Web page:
Cross-posted from The Conversation
The hearings in the US senate last week were the most high profile public discussions that have taken place on the subject of virtual currencies. The US showed its openness by broadcasting the hearing, and it was watched by many Bitcoin enthusiasts around the world.
The discussion looked at the potential risks and opportunities Bitcoin and other virtual currencies pose for society, without going into any of the technical details. Senators made analogies with previous technologies and offered personal anecdotes, placing Bitcoin among inventions such as the internet and mobile phones.
Positive comments from senators, the judiciary and US financial authorities sent the price soaring to its highest price yet, reaching US$900 at one point. At the start of this year, a single coin cost less than US$15.
But the knowledge gap between legislators, law enforcement and Bitcoin developers is still vast. Coalitions of government agencies across borders are beginning to collaborate on addressing the gap. In 2012, the FBI founded the Virtual Currency Emerging Threats Working Group (VCET), which alongside the US department of justice and financial crime agency also collaborates with the UK’s National Crime Agency. However, at times these bodies seem to lack an understanding of the basic principles behind cryptographic currencies.
In coins we don’t trust
Bitcoin was conceived as a currency that did not require any trust between its users. As a result there is no room for a central authority able to resolve disputes and enforce laws.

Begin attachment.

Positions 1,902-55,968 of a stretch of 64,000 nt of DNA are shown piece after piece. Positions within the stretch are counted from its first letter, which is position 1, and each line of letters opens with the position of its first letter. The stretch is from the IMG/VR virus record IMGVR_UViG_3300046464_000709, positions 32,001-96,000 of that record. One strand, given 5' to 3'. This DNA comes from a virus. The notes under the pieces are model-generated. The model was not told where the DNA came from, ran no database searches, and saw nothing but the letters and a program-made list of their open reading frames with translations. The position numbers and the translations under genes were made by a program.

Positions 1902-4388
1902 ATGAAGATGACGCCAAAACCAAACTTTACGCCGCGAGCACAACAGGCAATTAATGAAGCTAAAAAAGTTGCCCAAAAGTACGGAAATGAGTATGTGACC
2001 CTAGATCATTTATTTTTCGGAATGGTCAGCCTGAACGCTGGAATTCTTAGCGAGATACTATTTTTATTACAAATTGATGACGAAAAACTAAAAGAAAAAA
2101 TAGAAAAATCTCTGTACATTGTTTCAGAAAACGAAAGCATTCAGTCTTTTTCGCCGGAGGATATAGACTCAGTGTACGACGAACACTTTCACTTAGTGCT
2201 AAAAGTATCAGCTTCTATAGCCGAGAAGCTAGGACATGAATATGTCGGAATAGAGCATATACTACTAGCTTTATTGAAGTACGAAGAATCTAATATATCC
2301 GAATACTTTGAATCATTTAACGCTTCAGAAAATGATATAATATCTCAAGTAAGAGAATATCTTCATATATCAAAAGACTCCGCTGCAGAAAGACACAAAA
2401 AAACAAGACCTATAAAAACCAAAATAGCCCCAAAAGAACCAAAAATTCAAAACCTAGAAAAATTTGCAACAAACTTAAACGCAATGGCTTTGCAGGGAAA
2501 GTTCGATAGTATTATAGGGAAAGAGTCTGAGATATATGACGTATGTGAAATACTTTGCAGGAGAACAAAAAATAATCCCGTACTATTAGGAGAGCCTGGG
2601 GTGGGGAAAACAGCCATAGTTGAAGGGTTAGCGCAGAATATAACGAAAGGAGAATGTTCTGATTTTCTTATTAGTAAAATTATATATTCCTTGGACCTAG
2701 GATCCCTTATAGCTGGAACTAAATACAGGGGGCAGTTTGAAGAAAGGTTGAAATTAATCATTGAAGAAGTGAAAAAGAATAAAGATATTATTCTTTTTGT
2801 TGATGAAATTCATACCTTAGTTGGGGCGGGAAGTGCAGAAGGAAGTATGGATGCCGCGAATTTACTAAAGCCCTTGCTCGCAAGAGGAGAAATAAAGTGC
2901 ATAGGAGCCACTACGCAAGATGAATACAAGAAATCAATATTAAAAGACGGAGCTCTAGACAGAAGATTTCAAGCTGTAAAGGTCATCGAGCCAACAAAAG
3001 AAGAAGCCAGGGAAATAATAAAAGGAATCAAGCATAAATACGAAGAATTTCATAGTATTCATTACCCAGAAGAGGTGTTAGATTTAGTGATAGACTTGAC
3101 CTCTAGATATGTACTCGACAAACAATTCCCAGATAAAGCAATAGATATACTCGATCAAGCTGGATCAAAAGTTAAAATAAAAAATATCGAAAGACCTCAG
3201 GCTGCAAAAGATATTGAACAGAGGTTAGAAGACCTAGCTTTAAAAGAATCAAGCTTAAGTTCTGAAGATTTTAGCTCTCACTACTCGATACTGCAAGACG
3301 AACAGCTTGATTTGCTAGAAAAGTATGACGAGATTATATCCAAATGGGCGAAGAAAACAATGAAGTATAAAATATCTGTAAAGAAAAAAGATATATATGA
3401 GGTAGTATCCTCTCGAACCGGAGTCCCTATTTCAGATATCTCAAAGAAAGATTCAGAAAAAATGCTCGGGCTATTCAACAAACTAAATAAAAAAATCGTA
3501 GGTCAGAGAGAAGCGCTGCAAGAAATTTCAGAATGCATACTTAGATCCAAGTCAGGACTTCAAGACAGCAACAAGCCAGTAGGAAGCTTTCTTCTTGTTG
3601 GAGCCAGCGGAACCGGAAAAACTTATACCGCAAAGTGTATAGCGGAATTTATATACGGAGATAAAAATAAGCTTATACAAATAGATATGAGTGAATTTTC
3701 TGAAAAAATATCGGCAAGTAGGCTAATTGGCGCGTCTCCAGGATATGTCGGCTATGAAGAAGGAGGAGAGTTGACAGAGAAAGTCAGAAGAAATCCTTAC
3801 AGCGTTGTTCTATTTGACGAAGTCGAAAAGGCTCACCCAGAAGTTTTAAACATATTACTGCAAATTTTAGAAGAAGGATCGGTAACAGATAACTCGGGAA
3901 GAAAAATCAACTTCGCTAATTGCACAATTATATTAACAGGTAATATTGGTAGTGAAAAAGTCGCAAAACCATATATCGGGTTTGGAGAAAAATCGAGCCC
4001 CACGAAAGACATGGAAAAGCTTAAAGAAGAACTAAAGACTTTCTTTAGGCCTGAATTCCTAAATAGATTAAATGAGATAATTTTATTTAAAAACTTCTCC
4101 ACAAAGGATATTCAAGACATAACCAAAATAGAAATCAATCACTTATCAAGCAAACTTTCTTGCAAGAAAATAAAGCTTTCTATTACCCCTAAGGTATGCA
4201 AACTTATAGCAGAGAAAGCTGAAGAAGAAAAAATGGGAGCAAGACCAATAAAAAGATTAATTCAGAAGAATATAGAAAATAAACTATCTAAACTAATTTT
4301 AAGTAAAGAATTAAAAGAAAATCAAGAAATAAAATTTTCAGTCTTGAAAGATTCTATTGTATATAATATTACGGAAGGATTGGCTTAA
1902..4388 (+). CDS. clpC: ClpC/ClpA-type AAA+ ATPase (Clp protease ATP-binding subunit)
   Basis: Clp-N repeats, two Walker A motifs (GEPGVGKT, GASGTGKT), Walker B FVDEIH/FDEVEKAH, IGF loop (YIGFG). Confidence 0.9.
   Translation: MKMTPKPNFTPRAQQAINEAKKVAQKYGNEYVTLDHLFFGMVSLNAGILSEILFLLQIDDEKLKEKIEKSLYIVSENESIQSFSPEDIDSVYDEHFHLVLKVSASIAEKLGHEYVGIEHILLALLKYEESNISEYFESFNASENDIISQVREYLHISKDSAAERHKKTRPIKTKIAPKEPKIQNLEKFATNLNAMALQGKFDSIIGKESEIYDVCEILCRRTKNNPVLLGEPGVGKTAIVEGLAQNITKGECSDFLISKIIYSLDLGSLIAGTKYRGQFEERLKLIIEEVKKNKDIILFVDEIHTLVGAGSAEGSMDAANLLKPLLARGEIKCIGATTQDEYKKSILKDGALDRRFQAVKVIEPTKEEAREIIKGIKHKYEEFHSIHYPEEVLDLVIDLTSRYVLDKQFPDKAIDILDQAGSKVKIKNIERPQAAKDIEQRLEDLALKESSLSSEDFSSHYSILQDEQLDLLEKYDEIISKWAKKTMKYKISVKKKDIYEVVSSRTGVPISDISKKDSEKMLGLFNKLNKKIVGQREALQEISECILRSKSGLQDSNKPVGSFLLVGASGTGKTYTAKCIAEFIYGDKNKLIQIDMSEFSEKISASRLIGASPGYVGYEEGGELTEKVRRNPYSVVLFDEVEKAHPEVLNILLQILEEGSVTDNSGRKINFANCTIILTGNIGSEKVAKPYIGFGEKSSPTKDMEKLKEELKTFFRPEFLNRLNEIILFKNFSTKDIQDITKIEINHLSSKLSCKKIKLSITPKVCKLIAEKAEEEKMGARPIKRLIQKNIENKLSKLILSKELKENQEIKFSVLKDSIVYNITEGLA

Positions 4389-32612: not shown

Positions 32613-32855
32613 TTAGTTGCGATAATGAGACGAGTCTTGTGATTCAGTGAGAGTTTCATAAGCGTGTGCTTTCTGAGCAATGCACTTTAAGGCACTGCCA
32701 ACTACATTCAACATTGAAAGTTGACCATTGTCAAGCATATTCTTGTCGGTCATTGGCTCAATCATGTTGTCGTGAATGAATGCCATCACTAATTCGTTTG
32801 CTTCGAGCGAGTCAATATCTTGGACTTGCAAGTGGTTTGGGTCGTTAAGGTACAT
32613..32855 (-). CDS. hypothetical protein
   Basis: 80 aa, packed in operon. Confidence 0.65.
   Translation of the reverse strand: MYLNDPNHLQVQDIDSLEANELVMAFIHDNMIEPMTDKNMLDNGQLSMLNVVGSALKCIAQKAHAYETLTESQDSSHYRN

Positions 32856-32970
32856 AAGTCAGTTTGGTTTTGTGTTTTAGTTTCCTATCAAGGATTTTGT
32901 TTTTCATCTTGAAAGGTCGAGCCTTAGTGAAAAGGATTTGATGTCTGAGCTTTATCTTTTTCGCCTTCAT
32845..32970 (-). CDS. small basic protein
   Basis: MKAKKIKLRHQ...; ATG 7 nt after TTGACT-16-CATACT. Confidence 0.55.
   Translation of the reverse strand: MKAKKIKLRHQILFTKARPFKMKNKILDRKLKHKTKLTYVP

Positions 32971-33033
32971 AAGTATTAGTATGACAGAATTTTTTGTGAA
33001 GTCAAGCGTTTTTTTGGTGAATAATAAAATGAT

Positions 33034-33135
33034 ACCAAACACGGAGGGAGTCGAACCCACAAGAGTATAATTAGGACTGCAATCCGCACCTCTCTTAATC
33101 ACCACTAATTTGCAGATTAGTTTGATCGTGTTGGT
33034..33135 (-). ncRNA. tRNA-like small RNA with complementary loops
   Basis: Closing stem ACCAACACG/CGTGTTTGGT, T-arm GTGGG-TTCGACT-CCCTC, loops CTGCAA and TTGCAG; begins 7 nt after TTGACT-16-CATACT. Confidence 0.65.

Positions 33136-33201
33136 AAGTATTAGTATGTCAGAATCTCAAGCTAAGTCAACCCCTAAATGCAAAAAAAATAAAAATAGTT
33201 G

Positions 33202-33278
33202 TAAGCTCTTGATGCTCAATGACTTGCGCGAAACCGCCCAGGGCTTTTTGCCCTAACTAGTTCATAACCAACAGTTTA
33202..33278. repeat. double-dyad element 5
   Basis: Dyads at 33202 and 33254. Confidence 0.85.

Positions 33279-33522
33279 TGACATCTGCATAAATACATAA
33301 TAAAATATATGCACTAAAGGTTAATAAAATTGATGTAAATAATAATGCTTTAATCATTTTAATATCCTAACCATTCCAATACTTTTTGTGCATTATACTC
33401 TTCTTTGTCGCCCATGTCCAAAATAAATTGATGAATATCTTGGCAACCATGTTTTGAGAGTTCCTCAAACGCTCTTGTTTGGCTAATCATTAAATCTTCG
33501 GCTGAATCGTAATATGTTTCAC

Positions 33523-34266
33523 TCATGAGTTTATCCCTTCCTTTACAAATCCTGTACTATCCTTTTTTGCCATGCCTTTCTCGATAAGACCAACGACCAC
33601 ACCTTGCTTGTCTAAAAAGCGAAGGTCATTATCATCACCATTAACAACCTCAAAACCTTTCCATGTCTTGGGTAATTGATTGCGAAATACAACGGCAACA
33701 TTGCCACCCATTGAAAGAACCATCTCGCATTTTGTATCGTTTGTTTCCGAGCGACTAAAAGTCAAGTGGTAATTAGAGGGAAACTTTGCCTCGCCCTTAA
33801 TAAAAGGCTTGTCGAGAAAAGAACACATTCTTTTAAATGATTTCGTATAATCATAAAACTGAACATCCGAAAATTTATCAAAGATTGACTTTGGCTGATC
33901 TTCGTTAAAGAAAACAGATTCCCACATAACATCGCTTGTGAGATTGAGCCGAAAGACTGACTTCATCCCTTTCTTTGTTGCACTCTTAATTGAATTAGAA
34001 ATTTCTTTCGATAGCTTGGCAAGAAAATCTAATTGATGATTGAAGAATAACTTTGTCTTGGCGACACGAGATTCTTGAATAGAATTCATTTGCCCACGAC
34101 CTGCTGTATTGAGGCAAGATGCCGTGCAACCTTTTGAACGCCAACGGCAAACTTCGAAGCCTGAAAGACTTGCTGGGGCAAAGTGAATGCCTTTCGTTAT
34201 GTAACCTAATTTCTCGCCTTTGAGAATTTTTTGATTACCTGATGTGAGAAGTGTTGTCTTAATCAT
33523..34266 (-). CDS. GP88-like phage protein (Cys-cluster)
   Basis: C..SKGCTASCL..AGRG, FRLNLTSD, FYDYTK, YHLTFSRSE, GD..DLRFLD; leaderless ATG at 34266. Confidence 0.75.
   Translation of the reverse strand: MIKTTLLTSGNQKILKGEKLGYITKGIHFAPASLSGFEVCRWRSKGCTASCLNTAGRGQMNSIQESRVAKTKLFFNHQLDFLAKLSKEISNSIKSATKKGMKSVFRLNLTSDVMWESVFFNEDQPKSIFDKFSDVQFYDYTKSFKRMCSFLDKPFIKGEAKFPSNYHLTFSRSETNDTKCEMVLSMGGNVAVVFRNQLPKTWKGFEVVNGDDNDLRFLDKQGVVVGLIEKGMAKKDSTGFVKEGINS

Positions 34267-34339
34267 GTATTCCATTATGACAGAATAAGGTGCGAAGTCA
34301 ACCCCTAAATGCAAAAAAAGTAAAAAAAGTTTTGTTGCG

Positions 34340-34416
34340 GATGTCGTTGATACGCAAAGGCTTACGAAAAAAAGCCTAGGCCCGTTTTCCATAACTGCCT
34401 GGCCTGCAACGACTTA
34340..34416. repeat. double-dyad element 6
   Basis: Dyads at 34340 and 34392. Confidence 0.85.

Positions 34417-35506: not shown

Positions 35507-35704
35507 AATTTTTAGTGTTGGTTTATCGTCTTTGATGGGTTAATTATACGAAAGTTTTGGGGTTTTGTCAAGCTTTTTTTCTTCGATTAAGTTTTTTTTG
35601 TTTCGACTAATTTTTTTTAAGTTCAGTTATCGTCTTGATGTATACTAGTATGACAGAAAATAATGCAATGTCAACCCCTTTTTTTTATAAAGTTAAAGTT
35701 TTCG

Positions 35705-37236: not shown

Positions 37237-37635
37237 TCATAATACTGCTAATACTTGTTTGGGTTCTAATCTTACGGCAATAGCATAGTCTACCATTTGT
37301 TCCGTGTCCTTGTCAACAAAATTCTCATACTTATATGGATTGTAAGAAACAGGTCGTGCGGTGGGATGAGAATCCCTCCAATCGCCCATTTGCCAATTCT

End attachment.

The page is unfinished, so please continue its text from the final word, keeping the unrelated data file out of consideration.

Our traditional financial system has intermediaries that sit on top of the narrow supply of coins and notes in the economy, creating layers of credit services and other financial products. In these account-based systems, individuals trust these institutions – banks, building societies, pension funds, and so on – to keep their wealth safe. But, it is these same trust lines that also facilitate government tax collection and legal enforcement.
At the moment, Bitcoin’s equivalent financial intermediaries are the exchanges used to move money between digital and government-issued currencies. These centralised services use accounts to store users’ Bitcoin and government currencies and hence can be regulated like other forms of money transmission.
Since Bitcoin cannot be policed as effectively as normal money, most regulatory work is directed at exchanges. Enforcement within a peer-to-peer, distributed network is difficult. Take cash, for example. There is a reason why it is still the medium of exchange favoured by criminals across the world – without a centralised store and written records, it is harder for authorities to keep track. Likewise, in peer-to-peer file sharing networks, download portals and broadband providers are both subject to regulation and have the responsibility to manage content and user behaviour respectively.
If you’re not on the list…
This does not mean enforcement is not possible; there are considerable efforts to ensure self-regulation within the Bitcoin economy. One example is the suggestion that stolen coins should be blacklisted to prevent them from re-entering the money supply. As every Bitcoin transaction is publicly announced this is entirely feasible if the network could find a way of coming to consensus on whether the coins were actually stolen.
With the operational failures of so many exchanges and continued problems ensuring funds in online wallets are kept safe, this seems an attractive option to increase adoption of the currency. However, such moves inevitably come at the expense of true decentralisation and blacklisting is controversial among current Bitcoin users.
Without a greater appreciation of the technical details behind virtual currencies, regulation will still be limited to the exchanges that sit on top of the Bitcoin protocol. While they serve as the bottleneck between government currencies, the possibility of consumer protection or detection of illicit uses will elude the regulators.
Depending on existing legislation, countries will also vary in the ease by which they are able to adapt definitions of the currency and ownership. These details are absent from the current policy debate and actually mark the distinctive features and possible future uses of these promising currencies.
Article by Jonathan Levin, Postgraduate Student at University of Oxford